Earlier in February, we talked about the renewed hunt for Swedish file-sharing pirates, and we predicted that, for various reasons, it would be more successful than the last attempt by Spridningskollen in the fall of 2016. We also mentioned that we suspected that the verdict against Bredband 2 (Bredbandsbolaget) in February would soon result in similar requirements being imposed on all major Internet providers in Sweden.
It now seems like our prediction is becoming a reality as Tele2 is now the next Internet provider that is forced to provide information about its customers. Breakit reports that in a verdict in the Patent and Market Court on Wednesday, March 8, 2017, Tele2 will be forced to pay a fine of SEK 200,000 unless they disclose the names of customers behind different IP addresses of suspected file sharers.
The verdict states thatTele2 is ordered to give Copyright the current information within one month of the court's decision having won legal force.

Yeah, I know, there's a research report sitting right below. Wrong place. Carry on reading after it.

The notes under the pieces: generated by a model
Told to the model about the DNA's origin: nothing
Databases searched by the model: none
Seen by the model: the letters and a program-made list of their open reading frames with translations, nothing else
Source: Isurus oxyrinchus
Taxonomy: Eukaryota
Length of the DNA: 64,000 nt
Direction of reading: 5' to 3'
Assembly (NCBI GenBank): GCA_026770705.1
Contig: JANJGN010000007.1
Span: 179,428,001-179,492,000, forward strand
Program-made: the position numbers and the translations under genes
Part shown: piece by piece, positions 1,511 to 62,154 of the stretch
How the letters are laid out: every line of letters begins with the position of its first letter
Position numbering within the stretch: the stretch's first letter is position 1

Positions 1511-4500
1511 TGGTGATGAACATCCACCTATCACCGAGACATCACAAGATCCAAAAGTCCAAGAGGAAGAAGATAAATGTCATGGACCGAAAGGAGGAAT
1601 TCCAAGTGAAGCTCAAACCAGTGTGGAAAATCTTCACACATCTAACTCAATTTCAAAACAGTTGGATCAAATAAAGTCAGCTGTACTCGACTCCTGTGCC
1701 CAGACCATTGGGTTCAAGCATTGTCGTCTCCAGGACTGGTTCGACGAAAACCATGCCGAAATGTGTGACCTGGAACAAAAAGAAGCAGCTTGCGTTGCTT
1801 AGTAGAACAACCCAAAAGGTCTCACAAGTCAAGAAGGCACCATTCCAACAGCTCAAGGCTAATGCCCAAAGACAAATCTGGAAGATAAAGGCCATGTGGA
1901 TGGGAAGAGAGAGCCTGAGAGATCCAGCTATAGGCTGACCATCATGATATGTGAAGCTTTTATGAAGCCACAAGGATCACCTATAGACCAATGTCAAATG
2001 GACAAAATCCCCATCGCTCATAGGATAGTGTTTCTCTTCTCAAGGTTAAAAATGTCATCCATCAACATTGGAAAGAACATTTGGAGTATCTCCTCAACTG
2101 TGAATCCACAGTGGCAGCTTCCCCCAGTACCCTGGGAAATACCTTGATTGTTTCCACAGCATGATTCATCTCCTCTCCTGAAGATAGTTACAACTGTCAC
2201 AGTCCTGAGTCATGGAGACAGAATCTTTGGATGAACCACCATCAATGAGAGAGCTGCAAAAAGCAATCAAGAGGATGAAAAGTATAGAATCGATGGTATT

This means that unless Tele2 do not choose to appeal the verdict, they will be forced to disclose information about the customers who have used the suspected IP addresses. The new verdict against Tele2 provides further indications that the Swedish judicial system's view of file sharing and anonymity seems to be in phase with the copyright owners. Thus, it seems that it is only a matter of time before all Swedish Internet providers are forced to disclose information about their customers.
The Patent and Market Court further states:
the Copyright holder's interest in accessing the information outweigh any conflicting interests, including the individual's interest in remaining anonymous.
Thus, it seems that more and more restrictions on personal integrity are being implemented by the judiciary and Internet providers. More and more people are now talking about -- and looking towards -- VPN services and other security tools to remain anonymous on the Internet. What's to expect next?